Blast Magazine Track-By-Track Review of Planet Earth

  1. "Circle of Hands" - Jeff and Bob kick this tracks intro off. Jeff play's a very laid back picking pattern. This picking pattern was recorded where it sounds like two different guitarist, one on the left channel and one on the right. This is the first sign of the one hundred years experience of studio work these four guys have. Underneath the guitar arrangement Bob thumps out simple whole notes. Then every third bar of the bass line is exactly as the guitar arrangement. These whole notes of the bass line give the intro a lot of dynamics and depth. The vocal sound of the verses are done in a style your not use to hearing from Joe much. They're more that back and mysterious sounding. Which is great because it is just another mark upon the chock board that shows Joe is very talented and underrated. As a drummer one thing I noticed quick was Bob and Jeff playing is so strong that you really do not pick up on Carmine's disti! nct drum style. The chorus is very laid back and has a real simple groove to it. They added an echo to the backing vocals of the choruses, which was a nice effect for this track. The breakdown section not only has a solo over but also a huge harmony vocal section.
  2. "Cradle to the Crave" - This track kicks off with a children-playing effect. Musically the track opens with a huge Daisley bass line with a minor lead guitar scale. Joe's vocals on the track have a very haunting effect to them. They add a backing harmony section at the end of each verse, great writing technique. You talk about hooks; this chorus has about the biggest hook within it I've ever heard. No amount of words could describe how huge it is. The first half of the solo has a very Pink Floyd effect to it. The song is very short.
  3. "Misery Me" - This track opens with a very abstract bass effect. When the track kicks in it really has a Pink Floyd live effect to the listener. This track has a very strange lyrical arrangement that consist of a lot of backing harmonies. It's very hard to tell but Joe's vocals sound overdubbed on this track. Throughout the track Joe really shows great vocal control. The solo for the track is very short. During the chorus after the solo Bob completely blows me away with a break in the pattern he was playing.
  4. "Planet Earth" - Jeff chose the appropriate guitar for this track. The guitar's sound has a very relaxing feel to it. Vocally if Joe is singing upon this track it completely does not sound like him. The overdubbed lead guitar rhythm sections were placed in very good spots upon the arrangement. The backing harmonies of the vocal sections have a very druggy effect on the listener. At the end of the track there is a small "news commentary" section.
  5. "For the Moment" - This track opens with Jeff, Bob, and Carmine. The bass lines of the intro sound reverbed a little. The lyrical arrangement have a very sixty's influence to them. This track has a few very distinct backing harmonies laced within the vocal arrangement of the verse. After the first chorus Carmine plays several drum fills where you can hear his distinct playing style. I really liked the sound of the backing vocals of the chorus. The guitar patterns are fairly simple and straightforward, nothing to ballsy. The track all in all is just laid back and real solid. The solo builds with intensity as it progresses along.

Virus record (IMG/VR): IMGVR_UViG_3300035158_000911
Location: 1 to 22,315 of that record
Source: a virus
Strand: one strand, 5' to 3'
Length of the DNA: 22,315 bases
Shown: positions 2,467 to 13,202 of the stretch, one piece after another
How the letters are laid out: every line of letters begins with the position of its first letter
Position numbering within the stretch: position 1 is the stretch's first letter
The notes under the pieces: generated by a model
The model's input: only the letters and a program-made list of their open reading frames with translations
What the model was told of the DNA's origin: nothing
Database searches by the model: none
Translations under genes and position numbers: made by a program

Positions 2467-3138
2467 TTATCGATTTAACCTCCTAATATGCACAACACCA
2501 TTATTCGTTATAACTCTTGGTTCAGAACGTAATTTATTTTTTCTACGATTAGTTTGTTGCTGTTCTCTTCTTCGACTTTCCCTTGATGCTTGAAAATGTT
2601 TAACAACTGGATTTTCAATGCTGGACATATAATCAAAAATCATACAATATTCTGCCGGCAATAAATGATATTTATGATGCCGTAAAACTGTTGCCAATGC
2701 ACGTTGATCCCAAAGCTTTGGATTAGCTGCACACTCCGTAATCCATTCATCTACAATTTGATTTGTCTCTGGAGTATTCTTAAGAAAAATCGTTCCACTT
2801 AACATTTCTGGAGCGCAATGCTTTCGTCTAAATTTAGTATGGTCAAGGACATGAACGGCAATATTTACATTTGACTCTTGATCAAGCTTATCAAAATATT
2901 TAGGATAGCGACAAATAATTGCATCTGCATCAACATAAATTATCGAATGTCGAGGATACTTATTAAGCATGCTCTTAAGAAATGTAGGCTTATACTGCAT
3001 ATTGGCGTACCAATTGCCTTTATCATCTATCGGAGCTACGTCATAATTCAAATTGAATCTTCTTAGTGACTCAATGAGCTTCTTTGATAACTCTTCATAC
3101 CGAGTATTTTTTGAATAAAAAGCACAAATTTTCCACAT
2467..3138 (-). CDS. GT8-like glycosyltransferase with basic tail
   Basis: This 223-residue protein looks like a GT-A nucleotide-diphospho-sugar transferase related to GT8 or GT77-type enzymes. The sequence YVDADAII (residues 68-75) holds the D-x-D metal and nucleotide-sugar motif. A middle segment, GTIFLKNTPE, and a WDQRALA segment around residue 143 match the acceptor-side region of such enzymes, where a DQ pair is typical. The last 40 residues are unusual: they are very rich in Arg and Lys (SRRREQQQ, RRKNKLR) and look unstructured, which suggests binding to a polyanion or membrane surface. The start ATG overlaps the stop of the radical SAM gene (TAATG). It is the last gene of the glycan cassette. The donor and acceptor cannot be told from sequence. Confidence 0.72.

6. "Seas of Eternity" - The first half of the intro opens with a simple strumming electric pattern. The second half of the intro has a real solid heavy bass line. The lyrical arrangement to put it blunt is an acid trip through the mind. There really is not a main guitar arrangement on this track. The guitar arrangement more or less is real small lead rhythms hooked together. The added a lot of bass effect to Joe's vocals, which make the vocals, sound real heavy. The solo is very distant sounding and underscored by Bobs heavy bass feel.
  7. "The Child Within" - This track opens with a Pink Floyd "The Wall" type guitar pattern. Before going into a solid picking electric arrangement. Joe shows his vocal control on this track quite a bit. The way the micing is done on this track makes it sound like it is way off in the distance. Carmine's drum fills have a real heavy sound to them. There was no solo on this track.
  8. "One Common Law" - This track opens with a real simple early eighties sounding pop arrangement. The vocals through the verse sound overdubbed. The vocal arrangements have a couple real cool backing harmony sections. The break down section of the song has a very abstract feel to it. The musical arrangement really shows Jeff and Bob's years of experience by changing rhythms a couple times.
  9. "Mother Earth" - This track is a twelve bar blues song. Musically it really expresses the bands love for the blues. Bob locks into a nasty sounding groove where any fan of the blues would get off on. There was just one complaint with this track it was way to short.

When you figure the years of experience: Joe, Jeff, Bob, and Carmine have been in the music business, it tally's up to over one hundred years of experience. That is a hell of a lot of talent!! So even before playing this release you should know these guys know what they're doing in the studio. While writing this review I couldn't help but think that the sad thing is over the years these four members did not receive the actual credit they have deserved. "Planet Earth" is a lot like most of Pink Floyd's stuff. The music surrounds you and opens up your senses. Which makes you feel like you are in the control room while the band recorded the release. This is very difficult to capture this feeling unless you know what your doing.

Source: Blast Magazine